Rationalization – Denial of the Victim

Rationalization – Denial of the Victim:

As the next topic in our series of posts dissecting each of the rationalization techniques, we will discuss Denial of the Victim. Often labeled ‘victim blaming’, denial of the victim occurs when we want to excuse unethical behavior with thoughts like “He had it coming” and other similar ideas. Through this rationalization, we convince ourselves that the wounded party is actually at fault, and therefore, not a victim at all.

A prime example of denial of the victim is the Bernie Madoff situation. Madoff is infamous for running the world’s largest Ponzi scheme which caused many people to lose exorbitant amounts of money. Despite reportedly acknowledging to his sons that it was all “one big lie”, Madoff showed no signs of guilt or remorse when interviewed 5 years into his 150-year prison sentence. He managed this by passing all guilt onto his investors. In his interview, Madoff claimed that his investors were sophisticated and they “should have known better” than to invest in his fund. He also claimed that he was pushed into running the Ponzi scheme by others and that the banks on Wall Street were complicit in his scheme.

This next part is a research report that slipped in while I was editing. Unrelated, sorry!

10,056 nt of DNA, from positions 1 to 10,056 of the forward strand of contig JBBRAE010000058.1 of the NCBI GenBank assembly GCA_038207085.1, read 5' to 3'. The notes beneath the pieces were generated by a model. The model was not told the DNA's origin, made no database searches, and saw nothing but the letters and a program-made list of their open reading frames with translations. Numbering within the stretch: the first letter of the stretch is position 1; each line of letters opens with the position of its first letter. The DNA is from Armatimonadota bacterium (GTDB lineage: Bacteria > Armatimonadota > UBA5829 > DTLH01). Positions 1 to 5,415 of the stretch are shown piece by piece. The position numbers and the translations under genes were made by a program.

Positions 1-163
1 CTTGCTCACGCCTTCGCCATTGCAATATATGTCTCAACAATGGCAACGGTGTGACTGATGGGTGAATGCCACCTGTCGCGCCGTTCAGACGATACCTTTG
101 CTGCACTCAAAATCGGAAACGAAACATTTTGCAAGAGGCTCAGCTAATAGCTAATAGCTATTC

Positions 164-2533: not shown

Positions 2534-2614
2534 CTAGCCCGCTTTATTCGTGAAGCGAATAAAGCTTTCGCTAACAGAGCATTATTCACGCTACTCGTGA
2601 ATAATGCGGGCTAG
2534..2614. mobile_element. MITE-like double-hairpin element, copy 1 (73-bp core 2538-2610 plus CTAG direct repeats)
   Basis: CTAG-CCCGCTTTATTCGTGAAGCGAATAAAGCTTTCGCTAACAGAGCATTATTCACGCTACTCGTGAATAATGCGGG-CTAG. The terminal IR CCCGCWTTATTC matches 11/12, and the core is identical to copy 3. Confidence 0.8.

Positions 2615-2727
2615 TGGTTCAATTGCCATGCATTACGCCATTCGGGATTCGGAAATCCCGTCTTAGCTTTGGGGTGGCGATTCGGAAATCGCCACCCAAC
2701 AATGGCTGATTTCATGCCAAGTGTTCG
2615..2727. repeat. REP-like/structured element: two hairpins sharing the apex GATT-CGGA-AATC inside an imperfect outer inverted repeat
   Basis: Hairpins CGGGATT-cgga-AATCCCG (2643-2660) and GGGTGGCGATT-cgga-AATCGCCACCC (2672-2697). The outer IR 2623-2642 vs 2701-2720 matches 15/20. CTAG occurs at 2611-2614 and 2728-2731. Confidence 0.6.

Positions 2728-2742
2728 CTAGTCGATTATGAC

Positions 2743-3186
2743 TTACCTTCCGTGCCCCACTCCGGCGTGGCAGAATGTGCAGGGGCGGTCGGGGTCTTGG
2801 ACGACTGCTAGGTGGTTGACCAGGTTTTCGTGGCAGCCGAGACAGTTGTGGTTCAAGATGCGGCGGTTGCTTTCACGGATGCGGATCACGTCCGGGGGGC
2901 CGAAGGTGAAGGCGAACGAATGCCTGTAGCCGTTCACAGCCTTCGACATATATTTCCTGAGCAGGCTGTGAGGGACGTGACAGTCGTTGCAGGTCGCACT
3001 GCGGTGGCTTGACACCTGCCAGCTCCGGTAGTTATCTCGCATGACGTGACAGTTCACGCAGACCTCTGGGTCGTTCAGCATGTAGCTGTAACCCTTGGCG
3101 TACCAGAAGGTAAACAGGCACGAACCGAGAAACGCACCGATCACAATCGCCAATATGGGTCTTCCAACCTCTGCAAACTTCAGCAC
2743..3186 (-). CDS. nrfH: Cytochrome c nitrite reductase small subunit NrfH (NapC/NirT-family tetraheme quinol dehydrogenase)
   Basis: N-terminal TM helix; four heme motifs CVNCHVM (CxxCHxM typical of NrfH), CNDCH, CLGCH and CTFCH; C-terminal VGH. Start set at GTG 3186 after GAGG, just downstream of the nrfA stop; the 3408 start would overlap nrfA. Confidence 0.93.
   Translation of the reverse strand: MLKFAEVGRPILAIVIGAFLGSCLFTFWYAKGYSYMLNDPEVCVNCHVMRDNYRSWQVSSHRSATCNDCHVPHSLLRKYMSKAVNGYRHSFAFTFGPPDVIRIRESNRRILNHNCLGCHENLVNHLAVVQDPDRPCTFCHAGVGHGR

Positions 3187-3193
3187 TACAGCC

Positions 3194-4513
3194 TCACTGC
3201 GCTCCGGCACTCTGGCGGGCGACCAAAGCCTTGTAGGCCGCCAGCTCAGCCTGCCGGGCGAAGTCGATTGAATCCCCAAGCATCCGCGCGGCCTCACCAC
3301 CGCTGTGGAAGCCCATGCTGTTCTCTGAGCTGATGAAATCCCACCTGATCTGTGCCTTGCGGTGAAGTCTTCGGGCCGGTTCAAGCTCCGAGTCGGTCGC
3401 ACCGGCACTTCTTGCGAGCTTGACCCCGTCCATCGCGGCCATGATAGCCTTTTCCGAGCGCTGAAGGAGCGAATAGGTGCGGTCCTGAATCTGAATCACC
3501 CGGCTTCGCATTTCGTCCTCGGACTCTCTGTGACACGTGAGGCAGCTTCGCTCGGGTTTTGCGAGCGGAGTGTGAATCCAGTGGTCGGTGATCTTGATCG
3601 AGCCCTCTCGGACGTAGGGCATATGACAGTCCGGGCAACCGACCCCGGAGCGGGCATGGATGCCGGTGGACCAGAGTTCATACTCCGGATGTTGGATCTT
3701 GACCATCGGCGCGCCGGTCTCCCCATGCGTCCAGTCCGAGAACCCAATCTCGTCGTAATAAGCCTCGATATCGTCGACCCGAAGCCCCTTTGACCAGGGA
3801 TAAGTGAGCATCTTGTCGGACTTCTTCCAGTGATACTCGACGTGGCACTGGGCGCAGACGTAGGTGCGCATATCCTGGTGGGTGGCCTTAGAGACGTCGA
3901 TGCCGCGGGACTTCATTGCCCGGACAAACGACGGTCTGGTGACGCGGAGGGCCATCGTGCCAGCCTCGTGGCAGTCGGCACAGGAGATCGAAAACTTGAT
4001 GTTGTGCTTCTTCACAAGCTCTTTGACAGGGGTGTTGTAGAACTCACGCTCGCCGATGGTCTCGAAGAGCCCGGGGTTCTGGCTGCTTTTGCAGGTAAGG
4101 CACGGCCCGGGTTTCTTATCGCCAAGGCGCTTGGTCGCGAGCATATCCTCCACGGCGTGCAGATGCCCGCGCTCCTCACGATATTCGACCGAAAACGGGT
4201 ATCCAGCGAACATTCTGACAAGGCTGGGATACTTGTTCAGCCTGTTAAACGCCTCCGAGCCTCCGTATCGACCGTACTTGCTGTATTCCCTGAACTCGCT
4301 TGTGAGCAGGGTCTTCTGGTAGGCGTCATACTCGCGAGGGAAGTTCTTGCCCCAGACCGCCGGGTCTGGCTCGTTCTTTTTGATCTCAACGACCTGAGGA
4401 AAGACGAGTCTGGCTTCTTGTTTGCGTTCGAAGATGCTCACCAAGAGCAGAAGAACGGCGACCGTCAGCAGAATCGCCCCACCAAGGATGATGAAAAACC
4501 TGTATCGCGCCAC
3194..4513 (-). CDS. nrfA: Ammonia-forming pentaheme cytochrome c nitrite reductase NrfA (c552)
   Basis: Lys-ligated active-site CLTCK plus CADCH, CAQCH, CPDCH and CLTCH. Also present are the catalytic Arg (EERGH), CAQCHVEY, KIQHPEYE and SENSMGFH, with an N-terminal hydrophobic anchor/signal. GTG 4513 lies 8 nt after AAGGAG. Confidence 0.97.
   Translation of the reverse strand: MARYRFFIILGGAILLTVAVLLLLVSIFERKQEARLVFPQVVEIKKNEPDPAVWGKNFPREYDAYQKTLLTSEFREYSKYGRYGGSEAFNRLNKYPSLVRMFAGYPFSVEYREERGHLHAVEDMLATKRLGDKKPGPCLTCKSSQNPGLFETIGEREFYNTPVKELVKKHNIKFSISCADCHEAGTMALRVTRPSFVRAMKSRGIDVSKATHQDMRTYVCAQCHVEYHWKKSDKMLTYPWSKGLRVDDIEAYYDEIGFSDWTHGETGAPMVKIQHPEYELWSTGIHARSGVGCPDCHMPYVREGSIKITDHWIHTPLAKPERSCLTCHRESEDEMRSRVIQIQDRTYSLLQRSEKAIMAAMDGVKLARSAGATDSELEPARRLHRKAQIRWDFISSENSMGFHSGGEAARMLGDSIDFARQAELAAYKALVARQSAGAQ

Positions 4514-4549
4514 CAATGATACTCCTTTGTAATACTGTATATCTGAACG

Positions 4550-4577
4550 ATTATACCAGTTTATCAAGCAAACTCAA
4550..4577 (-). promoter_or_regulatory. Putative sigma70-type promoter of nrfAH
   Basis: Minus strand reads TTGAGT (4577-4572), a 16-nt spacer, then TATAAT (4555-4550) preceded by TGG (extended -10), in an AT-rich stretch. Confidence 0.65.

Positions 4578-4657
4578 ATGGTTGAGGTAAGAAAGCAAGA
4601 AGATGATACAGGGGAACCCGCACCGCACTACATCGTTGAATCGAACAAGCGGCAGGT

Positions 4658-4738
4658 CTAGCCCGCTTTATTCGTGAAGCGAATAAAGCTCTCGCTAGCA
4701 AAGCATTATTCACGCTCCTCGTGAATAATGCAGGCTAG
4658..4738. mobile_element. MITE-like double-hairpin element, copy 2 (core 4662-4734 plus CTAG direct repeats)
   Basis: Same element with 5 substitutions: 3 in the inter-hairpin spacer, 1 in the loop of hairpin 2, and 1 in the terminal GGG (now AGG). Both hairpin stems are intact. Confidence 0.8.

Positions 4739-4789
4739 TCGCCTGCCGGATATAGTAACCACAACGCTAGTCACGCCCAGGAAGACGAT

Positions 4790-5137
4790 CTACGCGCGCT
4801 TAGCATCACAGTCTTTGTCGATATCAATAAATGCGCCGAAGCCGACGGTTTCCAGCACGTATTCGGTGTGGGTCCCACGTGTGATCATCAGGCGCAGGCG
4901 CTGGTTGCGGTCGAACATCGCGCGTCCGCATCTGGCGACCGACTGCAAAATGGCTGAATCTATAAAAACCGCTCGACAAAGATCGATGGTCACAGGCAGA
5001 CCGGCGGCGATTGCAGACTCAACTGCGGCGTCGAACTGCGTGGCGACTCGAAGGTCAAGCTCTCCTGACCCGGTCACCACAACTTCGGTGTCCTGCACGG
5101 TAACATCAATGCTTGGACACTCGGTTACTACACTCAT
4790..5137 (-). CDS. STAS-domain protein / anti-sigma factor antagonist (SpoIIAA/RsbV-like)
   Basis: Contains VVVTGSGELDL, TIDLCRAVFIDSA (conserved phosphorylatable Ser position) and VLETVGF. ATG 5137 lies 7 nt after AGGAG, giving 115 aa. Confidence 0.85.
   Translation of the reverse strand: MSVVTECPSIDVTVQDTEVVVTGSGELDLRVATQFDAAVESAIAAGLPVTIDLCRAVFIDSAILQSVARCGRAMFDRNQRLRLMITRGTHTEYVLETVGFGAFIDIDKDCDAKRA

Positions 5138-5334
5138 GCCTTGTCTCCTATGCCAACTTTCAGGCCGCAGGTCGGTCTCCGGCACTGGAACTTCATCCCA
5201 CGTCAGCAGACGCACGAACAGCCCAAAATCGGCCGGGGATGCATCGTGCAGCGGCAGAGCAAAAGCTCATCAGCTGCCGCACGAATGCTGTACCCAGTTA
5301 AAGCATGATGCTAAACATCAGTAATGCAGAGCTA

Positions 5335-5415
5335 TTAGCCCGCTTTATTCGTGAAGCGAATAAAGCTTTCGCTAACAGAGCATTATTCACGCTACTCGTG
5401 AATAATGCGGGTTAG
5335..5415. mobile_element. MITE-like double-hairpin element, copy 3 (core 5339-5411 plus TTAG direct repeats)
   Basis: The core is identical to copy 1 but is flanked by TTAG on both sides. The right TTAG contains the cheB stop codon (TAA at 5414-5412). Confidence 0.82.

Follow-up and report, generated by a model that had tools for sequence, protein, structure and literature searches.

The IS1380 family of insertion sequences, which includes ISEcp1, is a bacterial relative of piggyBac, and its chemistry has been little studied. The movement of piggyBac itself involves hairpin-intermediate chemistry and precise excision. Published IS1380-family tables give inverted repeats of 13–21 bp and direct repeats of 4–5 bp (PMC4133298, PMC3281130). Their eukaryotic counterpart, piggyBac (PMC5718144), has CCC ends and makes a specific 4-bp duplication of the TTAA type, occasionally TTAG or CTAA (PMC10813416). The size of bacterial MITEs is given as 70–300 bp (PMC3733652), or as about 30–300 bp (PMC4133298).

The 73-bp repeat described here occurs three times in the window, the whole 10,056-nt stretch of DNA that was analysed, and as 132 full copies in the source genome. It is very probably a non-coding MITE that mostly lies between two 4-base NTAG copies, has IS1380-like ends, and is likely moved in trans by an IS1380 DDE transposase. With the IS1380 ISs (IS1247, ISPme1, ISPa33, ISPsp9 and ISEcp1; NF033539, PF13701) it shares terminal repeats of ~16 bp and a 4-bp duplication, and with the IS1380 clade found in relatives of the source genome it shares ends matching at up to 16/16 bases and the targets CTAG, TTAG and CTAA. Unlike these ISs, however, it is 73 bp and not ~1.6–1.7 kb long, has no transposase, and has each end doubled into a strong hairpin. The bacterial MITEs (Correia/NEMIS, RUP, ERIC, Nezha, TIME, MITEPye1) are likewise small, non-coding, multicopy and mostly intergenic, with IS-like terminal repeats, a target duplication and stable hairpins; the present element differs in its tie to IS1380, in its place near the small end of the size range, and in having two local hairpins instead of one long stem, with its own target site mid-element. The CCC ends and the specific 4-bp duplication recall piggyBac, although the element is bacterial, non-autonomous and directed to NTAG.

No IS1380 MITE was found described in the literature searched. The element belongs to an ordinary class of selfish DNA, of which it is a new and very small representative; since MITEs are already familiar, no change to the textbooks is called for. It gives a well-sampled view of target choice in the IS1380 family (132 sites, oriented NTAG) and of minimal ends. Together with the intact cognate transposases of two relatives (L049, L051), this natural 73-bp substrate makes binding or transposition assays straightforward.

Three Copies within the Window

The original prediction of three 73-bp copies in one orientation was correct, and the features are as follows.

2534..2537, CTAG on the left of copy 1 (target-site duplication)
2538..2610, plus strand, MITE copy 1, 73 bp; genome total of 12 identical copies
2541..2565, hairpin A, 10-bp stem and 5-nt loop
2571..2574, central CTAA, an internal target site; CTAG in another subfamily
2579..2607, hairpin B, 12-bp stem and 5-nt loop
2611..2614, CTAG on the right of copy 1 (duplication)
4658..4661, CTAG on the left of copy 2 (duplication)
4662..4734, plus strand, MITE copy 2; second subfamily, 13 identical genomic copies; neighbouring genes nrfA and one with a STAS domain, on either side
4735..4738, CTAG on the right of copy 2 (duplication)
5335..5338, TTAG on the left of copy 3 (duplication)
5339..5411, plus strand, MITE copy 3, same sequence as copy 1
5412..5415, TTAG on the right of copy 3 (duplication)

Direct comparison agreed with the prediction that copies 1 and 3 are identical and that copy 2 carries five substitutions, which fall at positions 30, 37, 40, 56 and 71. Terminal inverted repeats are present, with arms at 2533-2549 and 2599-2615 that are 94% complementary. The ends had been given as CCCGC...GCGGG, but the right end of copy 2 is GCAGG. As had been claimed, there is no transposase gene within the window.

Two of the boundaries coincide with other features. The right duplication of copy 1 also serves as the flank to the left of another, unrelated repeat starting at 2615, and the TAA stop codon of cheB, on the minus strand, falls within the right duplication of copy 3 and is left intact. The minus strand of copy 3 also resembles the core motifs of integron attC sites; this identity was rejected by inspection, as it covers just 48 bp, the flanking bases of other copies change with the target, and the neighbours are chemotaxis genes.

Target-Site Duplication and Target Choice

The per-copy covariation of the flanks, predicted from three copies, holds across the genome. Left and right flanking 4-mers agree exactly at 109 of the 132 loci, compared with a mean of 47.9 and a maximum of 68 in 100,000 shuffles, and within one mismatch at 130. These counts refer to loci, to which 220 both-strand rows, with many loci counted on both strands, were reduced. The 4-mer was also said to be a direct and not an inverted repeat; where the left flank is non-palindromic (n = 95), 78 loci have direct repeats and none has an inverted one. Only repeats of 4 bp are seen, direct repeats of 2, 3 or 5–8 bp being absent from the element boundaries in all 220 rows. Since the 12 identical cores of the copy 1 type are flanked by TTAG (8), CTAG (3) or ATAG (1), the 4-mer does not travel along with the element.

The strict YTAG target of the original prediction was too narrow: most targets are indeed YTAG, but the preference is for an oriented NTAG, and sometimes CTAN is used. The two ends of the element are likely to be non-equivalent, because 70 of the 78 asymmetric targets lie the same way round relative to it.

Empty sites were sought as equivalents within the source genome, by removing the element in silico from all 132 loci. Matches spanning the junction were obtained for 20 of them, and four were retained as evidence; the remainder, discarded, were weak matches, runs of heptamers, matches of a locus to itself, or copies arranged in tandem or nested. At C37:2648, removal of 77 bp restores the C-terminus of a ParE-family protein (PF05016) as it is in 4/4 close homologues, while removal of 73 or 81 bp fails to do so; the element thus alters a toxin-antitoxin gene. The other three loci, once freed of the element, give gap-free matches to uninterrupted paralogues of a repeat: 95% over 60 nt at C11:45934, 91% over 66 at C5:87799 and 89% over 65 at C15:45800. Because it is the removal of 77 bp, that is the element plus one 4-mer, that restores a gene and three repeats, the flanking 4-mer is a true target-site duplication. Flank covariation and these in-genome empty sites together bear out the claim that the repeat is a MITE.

Those guilty of using the denial of the victim technique disregard their own accountability in making poor ethical decisions. Watch a recap of the Madoff interview HERE.

A series of blog posts focusing on rationalization techniques will continue over the next several weeks. In the meantime, read more about them in The Business Ethics Field Guide (contact Merit Leadership to purchase a copy now).